BackTable / VI / Podcast / Episode #171

The Making of a "Good" IR

with Dr. Lola Oladini

Dr. Eric Keller talks with Dr. Lola Oladini from Stanford Medicine Department of Radiology about what makes optimal training for Interventional Radiologists, including discussion on the variety of strengths of programs across the country, balancing diagnostics with procedural training, and what it means in being a "clinical IR".

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The Making of a "Good" IR with Dr. Lola Oladini on the BackTable VI Podcast)
Ep 171 The Making of a "Good" IR with Dr. Lola Oladini
00:00 / 01:04

BackTable, LLC (Producer). (2021, December 6). Ep. 171 – The Making of a "Good" IR [Audio podcast]. Retrieved from

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Podcast Contributors

Dr. Lola Oladini discusses The Making of a "Good" IR on the BackTable 171 Podcast

Dr. Lola Oladini

Dr. Lola Oladini is an interventional radiology resident at Stanford Health Care in California.

Dr. Eric Keller discusses The Making of a "Good" IR on the BackTable 171 Podcast

Dr. Eric Keller

Dr. Eric Keller is an interventional and diagnostic radiology resident physician at Stanford.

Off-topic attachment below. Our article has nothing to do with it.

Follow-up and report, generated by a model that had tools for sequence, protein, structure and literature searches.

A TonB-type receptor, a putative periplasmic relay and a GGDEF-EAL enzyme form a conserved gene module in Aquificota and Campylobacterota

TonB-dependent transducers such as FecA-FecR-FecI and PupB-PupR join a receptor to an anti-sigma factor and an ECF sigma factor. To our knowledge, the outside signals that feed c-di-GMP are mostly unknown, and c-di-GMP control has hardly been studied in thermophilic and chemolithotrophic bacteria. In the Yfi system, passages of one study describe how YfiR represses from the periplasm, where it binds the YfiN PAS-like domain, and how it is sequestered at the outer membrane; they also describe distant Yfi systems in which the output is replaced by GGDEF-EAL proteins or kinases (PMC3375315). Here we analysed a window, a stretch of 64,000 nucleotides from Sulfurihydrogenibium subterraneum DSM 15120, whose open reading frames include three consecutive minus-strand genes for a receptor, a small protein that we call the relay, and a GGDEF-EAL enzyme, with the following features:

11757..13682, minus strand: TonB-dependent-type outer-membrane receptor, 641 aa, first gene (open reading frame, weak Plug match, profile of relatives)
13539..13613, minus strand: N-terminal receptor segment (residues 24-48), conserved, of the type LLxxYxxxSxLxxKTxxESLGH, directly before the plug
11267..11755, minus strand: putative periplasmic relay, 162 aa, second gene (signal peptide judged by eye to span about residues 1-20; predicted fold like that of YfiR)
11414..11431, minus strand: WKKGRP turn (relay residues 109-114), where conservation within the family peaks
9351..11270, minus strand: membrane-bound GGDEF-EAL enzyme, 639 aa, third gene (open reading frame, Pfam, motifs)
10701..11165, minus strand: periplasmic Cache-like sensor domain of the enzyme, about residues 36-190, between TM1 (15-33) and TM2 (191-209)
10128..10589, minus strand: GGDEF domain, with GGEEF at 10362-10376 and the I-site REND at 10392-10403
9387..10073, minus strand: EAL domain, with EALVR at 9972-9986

Show Notes

In this episode, interventional radiology residents Dr. Lola Oladini and Dr. Eric Keller discuss ideas to strengthen IR/DR residency training in multiple aspects, including clinical exposure, practice building, and personalization for the learner’s career goals.

Dr. Oladini shares preliminary results from her research, which consisted of interviews with various IR stakeholders. She highlights common themes on what interviewees value in a residency program: longitudinal patient care experience, practice-building education, exposure to interdisciplinary collaboration, exposure to clinical decision making, strong diagnostic radiology training, and graduated autonomy. She also shares common concerns that interviewees had about the disconnects between clinical education in residency training and real world practices that may not have the same clinical focus. Additionally, residents spoke about balancing the paradigm between wanting to get early IR exposure and training to be excellent diagnostic radiologists.

Finally, the doctors discuss different interpretations of the commonly used term, “clinical IR,” and brainstorm ways that residency programs can involve trainees in patient-centered initiatives and cross-speciality relationship building.


Disclaimer: The Materials available on are for informational and educational purposes only and are not a substitute for the professional judgment of a healthcare professional in diagnosing and treating patients. The opinions expressed by participants of the BackTable Podcast belong solely to the participants, and do not necessarily reflect the views of BackTable.

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